Abstract: Oblique Convergence During Northeast-Southwest Laramide Compression Along the East-West Owl Creek and Casper Mountain Arches, Central Wyoming
Philipp C. Molzer, Eric A. Erslev (2)
Understanding the diversity of structural trends in the Laramide foreland of the conterminous United States is important to understanding the location, geometry, and fracturing of hydrocarbon reservoirs. East-west basement-cored arches in central Wyoming are oblique to the average northwesterly trend of foreland faults and folds. Tectonic models predict that these arches formed by one of the following mechanisms: north-south-directed thrust faulting; sinistral strike-slip faulting; or northeast-southwest-directed, oblique-slip thrust faulting. In the eastern Owl Creek Mountains, average slip directions given by slickenline directions trend from N37°E to N57°E. Geometric analysis of conjugate faults and stress inversion of minor fault data indicate nearly horizontal compression trending between N48°E and N65°E. In the east-west Casper Mountain structure, more limited minor fault data are consistent with the northeast-southwest compression seen in the eastern Owl Creek arch and indicate an additional stage of extension by normal faulting.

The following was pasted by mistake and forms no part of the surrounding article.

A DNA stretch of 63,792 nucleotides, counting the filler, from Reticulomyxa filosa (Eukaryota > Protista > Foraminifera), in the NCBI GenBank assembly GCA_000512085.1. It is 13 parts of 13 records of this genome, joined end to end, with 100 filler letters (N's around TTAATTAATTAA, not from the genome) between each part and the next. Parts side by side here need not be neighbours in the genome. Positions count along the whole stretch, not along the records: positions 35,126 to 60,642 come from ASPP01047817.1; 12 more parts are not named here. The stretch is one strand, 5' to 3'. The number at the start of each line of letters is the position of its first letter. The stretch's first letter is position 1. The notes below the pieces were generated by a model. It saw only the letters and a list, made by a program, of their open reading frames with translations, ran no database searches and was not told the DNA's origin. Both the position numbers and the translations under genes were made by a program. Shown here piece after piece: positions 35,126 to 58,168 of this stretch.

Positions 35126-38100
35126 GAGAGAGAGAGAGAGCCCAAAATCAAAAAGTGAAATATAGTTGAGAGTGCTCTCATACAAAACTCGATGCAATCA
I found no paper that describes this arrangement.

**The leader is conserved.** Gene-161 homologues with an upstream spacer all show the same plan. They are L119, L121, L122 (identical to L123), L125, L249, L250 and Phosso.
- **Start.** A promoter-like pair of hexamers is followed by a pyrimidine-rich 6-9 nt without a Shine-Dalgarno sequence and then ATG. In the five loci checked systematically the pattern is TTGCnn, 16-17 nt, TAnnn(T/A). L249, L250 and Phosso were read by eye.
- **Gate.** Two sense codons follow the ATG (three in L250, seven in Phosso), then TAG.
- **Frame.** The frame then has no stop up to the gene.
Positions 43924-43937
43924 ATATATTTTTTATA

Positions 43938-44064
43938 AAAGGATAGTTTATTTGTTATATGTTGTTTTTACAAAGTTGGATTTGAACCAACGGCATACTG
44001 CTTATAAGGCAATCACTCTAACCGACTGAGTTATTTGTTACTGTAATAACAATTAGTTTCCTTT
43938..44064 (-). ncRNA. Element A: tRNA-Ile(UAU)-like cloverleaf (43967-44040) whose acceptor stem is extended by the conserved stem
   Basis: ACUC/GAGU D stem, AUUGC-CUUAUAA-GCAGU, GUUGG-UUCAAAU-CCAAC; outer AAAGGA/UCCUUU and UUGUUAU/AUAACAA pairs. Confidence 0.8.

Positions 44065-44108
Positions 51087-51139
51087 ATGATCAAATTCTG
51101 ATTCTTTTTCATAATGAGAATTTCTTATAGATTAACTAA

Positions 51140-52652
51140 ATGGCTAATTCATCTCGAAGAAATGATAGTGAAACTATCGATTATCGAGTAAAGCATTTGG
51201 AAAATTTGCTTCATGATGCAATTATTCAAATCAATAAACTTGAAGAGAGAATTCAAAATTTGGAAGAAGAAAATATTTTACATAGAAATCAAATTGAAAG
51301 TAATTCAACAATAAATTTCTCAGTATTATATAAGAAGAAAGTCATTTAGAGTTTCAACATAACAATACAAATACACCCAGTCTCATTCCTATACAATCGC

The northeast-southwest compression documented by minor faults suggests oblique thrusting with a component of sinistral strike-slip on the underlying, east-west-striking Owl Creek and Casper Mountain thrusts. In this area of the Laramide foreland, east-west arches probably formed during a single stage of oblique slip on thrust ramps connecting northwest-trending arch culminations. This conclusion indicates that trap geometries and reservoir characteristics of foreland hydrocarbon accumulations are dependent on their obliquity to the regional stress field.
AAPG Search and Discovery Article #90957©1995 AAPG Mid-Continent Section Meeting, Tulsa, Oklahoma